By DAVE O’SULLIVAN
NORTHFIELD — Players in the South Jersey South Shore Baseball League spent their childhoods glued to the television on a Monday night in July watching the Major League Baseball Home Run Derby. Many of them probably sat back as 8- or 10-year-old kids wondering what it might be like to one day launch dingers as part of a home run derby.
Well, ten players from the league — one representing each team — got that chance this past weekend at Birch Grove Park as the league held its inaugural Home Run Derby. And boy, did these players not disappoint! Balls were flying out of the park faster than a pro mascot might fire off T-shirts into the crowd, and the Northfield Little League players on hand to shag fly balls had their hands full, quite literally.
“I was telling a couple of the Little Leaguers when I was coming in from the cages that I would try to put on a show for them,” said Holy Spirit graduate and Ventnor Bay Sox player Dom Boselli, who made it too the finals. “This was a cool experience. It would have been nice to win it in the swing-off, but it was a good time.”
The Home Run Derby featured Ocean City Water Dogs’ Joe Gallagher, Jimmy Kurtz of the Buena Blue Dawgs, Matt Rivera of the Egg Harbor City Knights, C.J. Brown of host Northfield Cardinals, Nick Atohi of the South Jersey Surf, Absecon Outlaws’ Ray Keelan, Egg Harbor Township Eagles’ Anthony Feinstein, Dylan Stezzi of the Somers Point Captains and James Mancini of the Galloway Mustangs.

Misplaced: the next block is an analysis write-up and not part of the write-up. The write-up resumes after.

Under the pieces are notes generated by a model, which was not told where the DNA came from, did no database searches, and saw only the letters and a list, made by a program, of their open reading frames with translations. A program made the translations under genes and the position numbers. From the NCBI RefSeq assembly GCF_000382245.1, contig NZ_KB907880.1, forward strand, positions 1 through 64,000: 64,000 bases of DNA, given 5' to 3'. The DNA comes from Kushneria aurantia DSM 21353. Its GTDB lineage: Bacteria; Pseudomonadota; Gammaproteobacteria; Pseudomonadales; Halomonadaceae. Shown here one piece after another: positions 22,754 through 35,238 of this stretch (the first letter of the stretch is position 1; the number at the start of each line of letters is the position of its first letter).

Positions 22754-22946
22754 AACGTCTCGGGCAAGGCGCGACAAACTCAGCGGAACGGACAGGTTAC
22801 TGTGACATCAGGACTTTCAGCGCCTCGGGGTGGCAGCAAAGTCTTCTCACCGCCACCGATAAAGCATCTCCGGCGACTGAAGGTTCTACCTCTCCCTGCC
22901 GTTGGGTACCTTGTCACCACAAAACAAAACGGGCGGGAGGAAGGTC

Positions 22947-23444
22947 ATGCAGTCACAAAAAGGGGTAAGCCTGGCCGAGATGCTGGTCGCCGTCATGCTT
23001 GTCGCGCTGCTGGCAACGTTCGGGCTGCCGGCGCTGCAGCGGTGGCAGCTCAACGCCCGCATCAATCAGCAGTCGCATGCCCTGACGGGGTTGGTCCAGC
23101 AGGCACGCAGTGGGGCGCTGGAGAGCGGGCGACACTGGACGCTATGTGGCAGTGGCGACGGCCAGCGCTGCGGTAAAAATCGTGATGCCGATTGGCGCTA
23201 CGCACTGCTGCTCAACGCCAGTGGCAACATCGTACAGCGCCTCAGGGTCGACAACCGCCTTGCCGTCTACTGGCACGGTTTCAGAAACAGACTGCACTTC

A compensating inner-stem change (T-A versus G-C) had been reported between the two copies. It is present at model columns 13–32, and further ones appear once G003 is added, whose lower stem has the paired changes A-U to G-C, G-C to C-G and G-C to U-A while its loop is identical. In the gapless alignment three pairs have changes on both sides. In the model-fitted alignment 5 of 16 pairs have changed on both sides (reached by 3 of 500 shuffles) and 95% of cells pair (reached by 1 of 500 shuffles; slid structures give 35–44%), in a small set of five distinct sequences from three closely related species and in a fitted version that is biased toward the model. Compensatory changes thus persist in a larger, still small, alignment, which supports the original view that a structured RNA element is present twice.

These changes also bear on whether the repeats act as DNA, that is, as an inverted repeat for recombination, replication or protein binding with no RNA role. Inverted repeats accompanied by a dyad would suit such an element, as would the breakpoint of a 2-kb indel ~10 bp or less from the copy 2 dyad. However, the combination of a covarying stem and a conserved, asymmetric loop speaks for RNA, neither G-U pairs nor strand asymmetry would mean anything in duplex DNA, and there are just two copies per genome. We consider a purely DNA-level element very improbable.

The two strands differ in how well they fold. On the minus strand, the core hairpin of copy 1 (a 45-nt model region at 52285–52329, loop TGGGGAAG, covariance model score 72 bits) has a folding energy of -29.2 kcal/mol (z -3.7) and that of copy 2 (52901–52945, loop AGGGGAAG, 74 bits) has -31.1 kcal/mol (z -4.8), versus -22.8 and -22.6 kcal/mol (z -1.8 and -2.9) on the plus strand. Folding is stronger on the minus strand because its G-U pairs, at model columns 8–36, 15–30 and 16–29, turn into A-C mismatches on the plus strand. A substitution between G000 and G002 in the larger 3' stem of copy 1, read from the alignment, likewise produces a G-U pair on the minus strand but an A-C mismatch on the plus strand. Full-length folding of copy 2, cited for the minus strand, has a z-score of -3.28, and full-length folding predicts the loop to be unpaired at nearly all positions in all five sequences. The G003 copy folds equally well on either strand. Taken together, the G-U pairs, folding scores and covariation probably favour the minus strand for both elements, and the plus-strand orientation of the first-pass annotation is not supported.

Gallagher stole the show, blasting 18 home runs in the opening round and eventually defeating Boselli, 5-2, in a 30-second swing-off after both players had clubbed 11 homers in the finals. Atohi and Boselli each had 13 in the opening round to make it to the semis, and Rivera finished with nine in the opening round to take the last spot in the semis. Boselli and Riveral both tied in the second round with 12 homers, forcing a one-minute “swing-off” that Boselli won, 7-6.
“It’s crazy, especially with the time clocks, you don’t realize how gassed (the pro guys) get. Every round, going into swing-offs and stuff — it was a great experience,” Boselli said. “It was really cool. Especially with it being a new league this year, it’s great for everybody out here. There are a lot of families out here and a lot of fan exposure.”
Gallagher said he started feeling the fatigue in the finals, but had to just push through.
“I was more tired in the first round of the championship than the last 30 seconds. The energy, the competition with Dom, the adrenaline, it all kicked in,” he said. “It was pretty cool. I visualize myself being in the (MLB) All-Star Game in 2026 at Citizens Bank Park (in Philadelphia) and this is just a dry run. My approach was to stay short and not try to do too much. It’s a small field, so I knew if I hit the ball hard and hit it off the barrel it would have a chance to go out, and not use too much energy.”
“Nobody was out there yelling them out and you didn’t see them on the scoreboard, so I just kept swinging, pitch-by-pitch,” Boselli added. “I came in pretty confident. I kind of viewed myself as an underdog.”
In all, Gallagher led the way with an astounding 49 home runs. Boselli was second with 45 while Rivera, another Holy Spirit graduate, finished with 27. Nick Atohi, a former Mainland High star, finished with 24.
Contact Dave O’Sullivan: email@example.com; on Twitter @GDsullysays